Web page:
Neurofeedback is an emerging neuroscience based clinical application, and understanding the underlying principles of neurofeedback allows the therapist to provide referrals or treatment, and provides clients with a framework for understanding the process. The brain’s electrical patterns are a form of behavior, modifiable through “operant conditioning,” with the excessive brain frequencies reduced, and those with a deficit are increased. The learning curve for EEG has been described (Hardt, 1975).
Neurotherapy using slow cortical potentials also shows promise in the treatment of epilepsy (Kotchoubey et al., 2001; Birbaumer et al., 1981; Sterman, 2000). Neurotherapy has also been used for ADD/ADHD (Monastra, Monastra, & George, 2002) depression (Rosenfeld, 1997), anxiety (Vanathy, Sharma, & Kumar, 1998), fibromyalgia (Donaldson, 2002), and for cognitive enhancement (Budzynski, 2000; Klimesch, et al.). Commonly reported success rates of 60 to 90% are reported (Wright & Gunkelman, 1998).
Neurofeedback is an emerging neuroscience based clinical application based on the general principles of biofeedback or cybernetics. The Neurofeedback process involves training and learning self regulation of brain activity. Understanding the underlying principles of this process allows the therapist to provide referrals or treatment to their clients with some added understanding, and provides clients with a framework for understanding the neurofeedback process. The following short paper will provide a quick review of the brain’s function, and the underlying process involved in neurofeedback, a technique that will allow the client to better regulate and operate their brain.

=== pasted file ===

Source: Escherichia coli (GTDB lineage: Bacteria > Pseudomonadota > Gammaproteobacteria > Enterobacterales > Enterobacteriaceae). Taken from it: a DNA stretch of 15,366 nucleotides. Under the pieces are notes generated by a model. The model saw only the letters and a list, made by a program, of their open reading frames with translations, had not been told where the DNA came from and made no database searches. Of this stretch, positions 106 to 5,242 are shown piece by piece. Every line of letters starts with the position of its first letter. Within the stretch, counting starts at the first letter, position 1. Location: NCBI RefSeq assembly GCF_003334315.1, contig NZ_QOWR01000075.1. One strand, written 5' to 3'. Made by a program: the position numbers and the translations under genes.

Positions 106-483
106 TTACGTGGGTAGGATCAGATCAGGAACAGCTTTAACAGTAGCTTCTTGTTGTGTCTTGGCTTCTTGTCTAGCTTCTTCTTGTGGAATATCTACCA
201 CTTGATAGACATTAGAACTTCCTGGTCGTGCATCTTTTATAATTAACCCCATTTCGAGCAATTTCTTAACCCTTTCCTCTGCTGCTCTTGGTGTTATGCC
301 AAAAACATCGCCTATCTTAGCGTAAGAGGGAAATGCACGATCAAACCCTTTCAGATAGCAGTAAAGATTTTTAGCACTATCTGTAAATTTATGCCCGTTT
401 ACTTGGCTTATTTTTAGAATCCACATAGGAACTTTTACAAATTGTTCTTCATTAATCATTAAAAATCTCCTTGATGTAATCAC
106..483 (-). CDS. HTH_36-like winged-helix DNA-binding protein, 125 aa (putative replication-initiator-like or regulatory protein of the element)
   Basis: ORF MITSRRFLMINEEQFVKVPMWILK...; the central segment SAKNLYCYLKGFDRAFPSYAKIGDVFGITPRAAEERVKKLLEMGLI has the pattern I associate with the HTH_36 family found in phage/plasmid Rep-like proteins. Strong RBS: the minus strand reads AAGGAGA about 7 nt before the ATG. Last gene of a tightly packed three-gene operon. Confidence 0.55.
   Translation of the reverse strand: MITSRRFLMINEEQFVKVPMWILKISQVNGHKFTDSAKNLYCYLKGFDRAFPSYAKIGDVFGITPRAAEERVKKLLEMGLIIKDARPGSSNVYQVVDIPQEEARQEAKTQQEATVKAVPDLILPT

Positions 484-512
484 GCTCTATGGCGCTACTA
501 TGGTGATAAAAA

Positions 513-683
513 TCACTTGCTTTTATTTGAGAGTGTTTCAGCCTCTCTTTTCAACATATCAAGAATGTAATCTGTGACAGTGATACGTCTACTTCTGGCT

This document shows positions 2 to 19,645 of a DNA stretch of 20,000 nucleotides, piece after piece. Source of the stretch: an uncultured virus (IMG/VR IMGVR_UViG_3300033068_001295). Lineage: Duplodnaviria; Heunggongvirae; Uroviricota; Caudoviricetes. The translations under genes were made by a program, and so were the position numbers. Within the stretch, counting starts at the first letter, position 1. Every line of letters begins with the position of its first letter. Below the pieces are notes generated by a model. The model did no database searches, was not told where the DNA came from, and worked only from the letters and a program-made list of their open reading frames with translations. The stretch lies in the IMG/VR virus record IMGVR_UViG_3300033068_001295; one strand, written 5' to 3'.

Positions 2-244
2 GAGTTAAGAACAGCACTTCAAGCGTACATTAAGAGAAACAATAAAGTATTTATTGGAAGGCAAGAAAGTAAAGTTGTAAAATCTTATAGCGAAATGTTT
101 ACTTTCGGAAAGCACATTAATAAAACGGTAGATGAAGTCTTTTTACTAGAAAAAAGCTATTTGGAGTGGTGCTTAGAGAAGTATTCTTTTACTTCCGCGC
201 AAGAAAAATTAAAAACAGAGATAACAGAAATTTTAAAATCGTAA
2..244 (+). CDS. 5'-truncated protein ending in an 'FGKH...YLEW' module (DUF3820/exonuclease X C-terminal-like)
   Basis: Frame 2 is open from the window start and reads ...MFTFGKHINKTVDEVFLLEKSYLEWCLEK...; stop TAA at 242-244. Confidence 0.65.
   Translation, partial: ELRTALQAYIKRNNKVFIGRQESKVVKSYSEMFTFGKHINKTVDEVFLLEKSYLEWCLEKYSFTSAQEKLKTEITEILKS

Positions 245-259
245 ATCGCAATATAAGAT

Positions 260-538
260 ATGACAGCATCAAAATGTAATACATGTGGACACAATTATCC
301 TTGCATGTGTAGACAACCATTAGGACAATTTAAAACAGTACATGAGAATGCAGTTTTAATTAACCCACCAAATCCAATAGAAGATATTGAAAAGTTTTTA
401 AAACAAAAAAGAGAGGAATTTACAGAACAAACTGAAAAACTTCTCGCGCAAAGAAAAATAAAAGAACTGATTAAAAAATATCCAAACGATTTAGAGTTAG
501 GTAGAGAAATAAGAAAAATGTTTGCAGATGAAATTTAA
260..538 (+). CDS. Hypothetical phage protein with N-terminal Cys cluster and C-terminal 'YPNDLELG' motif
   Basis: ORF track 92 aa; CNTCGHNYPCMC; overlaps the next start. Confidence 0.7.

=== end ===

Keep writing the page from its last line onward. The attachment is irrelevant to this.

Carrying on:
The brain controls its own blood supply through the dilation and constriction of the blood vessels, and the blood flow is directed to areas that are more active through this self-regulation. The blood supply’s flow, along with the utilization of the oxygen and glucose the blood carries is measured as “perfusion,” a measure that is clearly seen in some of the modern imaging techniques, such as Positron Emission Tomography (PET) and SPECT technology. Though these techniques are invasive, requiring the injection of small amounts of very short half-life radioactive materials, they do give good resolution of the perfusion due to the emission of the positrons, which are emitted from where the brain utilizes the oxygen and burns the glucose carried by the blood flow.